Teachers were striving to leave no child behind long before national legislation coined the phrase, however we do not believe an emphasis on testing over teaching is the way to leave no child behind.  No multiple-choice test can measure critical thinking or creativity.  By nature, these tests prioritize low level thought processes at the expense of skills that have given the United States a reputation for its ingenuity. 

Race to the Top was another national policy that demonstrated wrongheadedness in its attempt to improve education by collecting more data, increasing the number of charter schools, and restructuring teacher evaluation systems to include data from scientifically invalid tests.  

No scientific experiment would be deemed valid with so many uncontrolled variables that go into student performance.  Policymakers insist that there is a causal relationship between a teacher’s teaching and a student’s test performance.  This ignores other variables such as a student’s socioeconomic status, home life, nutrition, sleep, work ethic, and parental involvement.  Policymakers dismiss this point as an excuse.  These variables are not excuses.  They are the reality of what influences a child’s education.  Dismissing these variables is irresponsible and addressing them should be part of the solution to improve student achievement.


The premise of these practices are that teachers cannot be trusted to improve student achievement.  This premise is counterproductive.  When soldiers in WWI spoke out against the horrors they witnessed as a result of incompetent decisions, they were labeled crazy or cowards and received “treatment.”  When teachers speak out against policies that they believe harm their students or their profession, they are labeled greedy, close-minded, or socialists.

The stagnation of WWI was a practical result of battlefield logistics in trench warfare, but the politicians and the public were anxious to see action and military officers were forced to oblige.  Any troops who did not follow orders to go across “no man’s land” were labeled cowards at best, and executed at worst. As a result, World War One became a war of attrition in which millions of men were sacrificed as they were ordered across “no man’s land” to attack the enemy on what were essentially suicide missions.  This happened repeatedly as military officials were pressured by politicians to “do something!” 

Pressure to “do something” comes from the public buying the false narrative that our schools are failing.  Instead of money for smaller class sizes, student support personnel or textbooks, the “something” politicians prescribe is throwing tests, screens, or outsourced curriculum at our students.  It doesn’t matter that these items do not align closely with the curriculum standards, emphasize low level skills, or are a snapshot of a student’s ability.  People want to see action regardless of its value.  Those selling these “products” find value for themselves.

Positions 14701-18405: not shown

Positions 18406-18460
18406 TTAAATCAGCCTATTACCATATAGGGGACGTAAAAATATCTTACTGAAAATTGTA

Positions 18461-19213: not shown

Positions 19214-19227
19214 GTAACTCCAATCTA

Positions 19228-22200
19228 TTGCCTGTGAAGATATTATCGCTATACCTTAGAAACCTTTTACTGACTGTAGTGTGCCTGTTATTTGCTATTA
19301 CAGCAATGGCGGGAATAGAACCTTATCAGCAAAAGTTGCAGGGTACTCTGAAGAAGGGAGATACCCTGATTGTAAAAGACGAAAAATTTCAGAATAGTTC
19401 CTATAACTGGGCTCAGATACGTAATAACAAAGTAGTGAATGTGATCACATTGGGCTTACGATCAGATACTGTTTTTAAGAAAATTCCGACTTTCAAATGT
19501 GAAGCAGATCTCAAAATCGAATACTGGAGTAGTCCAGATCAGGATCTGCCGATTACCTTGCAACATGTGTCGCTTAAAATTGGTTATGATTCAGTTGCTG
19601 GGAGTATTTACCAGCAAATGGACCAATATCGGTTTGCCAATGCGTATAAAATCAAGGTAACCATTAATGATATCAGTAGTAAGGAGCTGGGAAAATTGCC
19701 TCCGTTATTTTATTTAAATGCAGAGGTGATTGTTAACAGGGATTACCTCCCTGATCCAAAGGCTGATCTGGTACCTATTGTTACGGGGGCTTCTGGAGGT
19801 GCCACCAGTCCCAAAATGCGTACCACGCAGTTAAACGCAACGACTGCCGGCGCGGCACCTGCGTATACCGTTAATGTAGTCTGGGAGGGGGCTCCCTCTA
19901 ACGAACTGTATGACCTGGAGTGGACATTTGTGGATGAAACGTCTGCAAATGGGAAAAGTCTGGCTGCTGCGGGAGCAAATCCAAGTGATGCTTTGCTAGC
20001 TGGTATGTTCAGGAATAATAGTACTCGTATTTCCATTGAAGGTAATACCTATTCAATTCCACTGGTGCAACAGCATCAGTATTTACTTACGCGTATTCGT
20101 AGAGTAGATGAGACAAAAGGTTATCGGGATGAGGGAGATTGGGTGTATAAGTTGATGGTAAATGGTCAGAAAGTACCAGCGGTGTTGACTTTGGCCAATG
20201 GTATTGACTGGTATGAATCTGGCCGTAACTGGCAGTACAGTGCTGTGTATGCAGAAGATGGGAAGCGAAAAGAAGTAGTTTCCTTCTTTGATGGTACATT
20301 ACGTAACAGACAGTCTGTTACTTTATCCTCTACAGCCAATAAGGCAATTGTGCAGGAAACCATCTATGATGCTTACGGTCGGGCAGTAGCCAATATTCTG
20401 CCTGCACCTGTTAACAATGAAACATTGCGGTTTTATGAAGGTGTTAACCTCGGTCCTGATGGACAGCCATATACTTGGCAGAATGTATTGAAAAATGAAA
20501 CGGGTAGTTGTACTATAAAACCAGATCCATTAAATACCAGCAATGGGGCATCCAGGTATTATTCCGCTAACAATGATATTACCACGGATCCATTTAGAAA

The results of WWI also parallel our current education policy making environment.  At the time, the war was known as “The Great War” and was sold as the “war to end all wars.”  We now know that it only served to further polarize Europe.  This polarization continues between teachers and policymakers.  Just as WWI did not make more progress in building a more cooperative European continent, current education policy has done little to make progress in improving student achievement. 

Our Treaty of Versailles comes in the form of hostile legislation disguised as accountability.  Teachers today are experiencing the effects of a “war guilt clause.”  The assumption is that if a student does not succeed, it is the teacher’s fault.  This has created a chain of policies that focuses on teachers, not on students. 

The war on public education has manifested as a war on teachers and our students are collateral damage.  It results in making teaching an unattractive profession, and low morale within schools.  Vilifying teachers and neglecting them from the creation of policy while praising entrepreneurs motivated to siphon public money for private interests will only prolong the stalemate of improving student achievement. 

If more public education supporters who value teachers as education experts are voted into office in 2020, we can celebrate next year’s Armistice Day with an end to the pillaging of public schools.